Effects of gabapentin on morphine consumption and pain in severely burned patients

Burns. 2007 Feb;33(1):81-6. doi: 10.1016/j.burns.2006.04.020. Epub 2006 Oct 30.


Objective: Nociception is the major cause of burn pain and leads to central hyperalgesia. Gabapentin (Gp) is an antihyperalgesic drug that selectively affects central sensitization. We studied the opioid-sparing and analgesic effects of Gp in severely burned patients.

Methods: Ten patients (mean total burned body surface area (TBSA), 25%), received 2400 mg of oral Gp daily from after burn days 3-24 in addition to standard pain therapy. They were compared to a retrospective matching group. Outcomes were cumulative morphine consumption and mean daily pain scores. Outcomes were recorded during treatment (21 days) and 21 days after treatment.

Results: During treatment and post-treatment phases, patients receiving Gp had cumulative morphine consumption and a mean daily pain score significantly lower than controls.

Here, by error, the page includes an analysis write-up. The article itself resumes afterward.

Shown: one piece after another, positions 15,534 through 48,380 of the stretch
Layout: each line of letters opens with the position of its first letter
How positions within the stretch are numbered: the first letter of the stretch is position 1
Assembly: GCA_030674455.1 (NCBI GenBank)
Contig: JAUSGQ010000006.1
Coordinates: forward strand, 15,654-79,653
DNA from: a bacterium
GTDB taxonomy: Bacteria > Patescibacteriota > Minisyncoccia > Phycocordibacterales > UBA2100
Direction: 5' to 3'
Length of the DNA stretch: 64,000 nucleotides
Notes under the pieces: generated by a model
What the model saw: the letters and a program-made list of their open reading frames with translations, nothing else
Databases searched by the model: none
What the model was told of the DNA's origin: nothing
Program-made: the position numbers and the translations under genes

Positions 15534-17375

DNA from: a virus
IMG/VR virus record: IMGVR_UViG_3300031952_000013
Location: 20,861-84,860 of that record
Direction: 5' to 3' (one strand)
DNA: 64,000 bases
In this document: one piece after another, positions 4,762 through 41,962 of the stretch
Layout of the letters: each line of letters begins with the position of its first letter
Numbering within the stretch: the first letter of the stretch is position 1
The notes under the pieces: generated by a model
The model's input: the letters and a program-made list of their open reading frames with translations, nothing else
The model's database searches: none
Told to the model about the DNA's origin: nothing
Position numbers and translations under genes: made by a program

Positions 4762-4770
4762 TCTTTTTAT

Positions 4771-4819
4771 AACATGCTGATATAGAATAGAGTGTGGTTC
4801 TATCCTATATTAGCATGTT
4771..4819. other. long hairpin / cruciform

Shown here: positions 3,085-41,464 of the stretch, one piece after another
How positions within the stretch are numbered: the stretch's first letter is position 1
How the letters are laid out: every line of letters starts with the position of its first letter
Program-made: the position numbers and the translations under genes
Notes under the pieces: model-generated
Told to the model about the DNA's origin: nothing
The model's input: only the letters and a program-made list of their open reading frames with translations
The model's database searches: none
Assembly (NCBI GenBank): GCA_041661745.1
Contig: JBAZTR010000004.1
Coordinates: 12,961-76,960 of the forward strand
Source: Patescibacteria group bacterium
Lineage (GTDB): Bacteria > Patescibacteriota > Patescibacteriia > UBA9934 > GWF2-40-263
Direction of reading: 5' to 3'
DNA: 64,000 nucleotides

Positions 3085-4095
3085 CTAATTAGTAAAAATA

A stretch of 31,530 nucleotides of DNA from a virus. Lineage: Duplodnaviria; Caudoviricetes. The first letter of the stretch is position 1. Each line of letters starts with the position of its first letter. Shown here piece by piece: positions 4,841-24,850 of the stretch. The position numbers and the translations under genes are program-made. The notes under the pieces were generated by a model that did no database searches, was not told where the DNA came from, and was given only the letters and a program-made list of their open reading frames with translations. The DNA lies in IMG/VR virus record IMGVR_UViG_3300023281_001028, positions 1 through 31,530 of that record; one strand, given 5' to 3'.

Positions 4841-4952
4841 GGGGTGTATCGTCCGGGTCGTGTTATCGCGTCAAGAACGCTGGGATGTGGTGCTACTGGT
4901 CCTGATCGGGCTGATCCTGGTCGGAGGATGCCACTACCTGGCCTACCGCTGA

Conclusion: Gp use reduced opioid consumption and lowered pain scores that seemed to extend beyond its pharmacologic action probably result from the ability of Gp to prevent central hyperalgesia induced by burns.

MeSH terms

  • Administration, Oral
  • Amines / administration & dosage*
  • Analgesics / administration & dosage*
  • Burns / complications*
  • Case-Control Studies
  • Cyclohexanecarboxylic Acids / administration & dosage*
  • Female
  • Gabapentin
  • Humans
  • Male
  • Middle Aged
  • Morphine / administration & dosage*
  • Pain / prevention & control*
  • Pain Measurement
  • Treatment Outcome
  • gamma-Aminobutyric Acid / administration & dosage*


  • Amines
  • Analgesics
  • Cyclohexanecarboxylic Acids
  • gamma-Aminobutyric Acid
  • Gabapentin
  • Morphine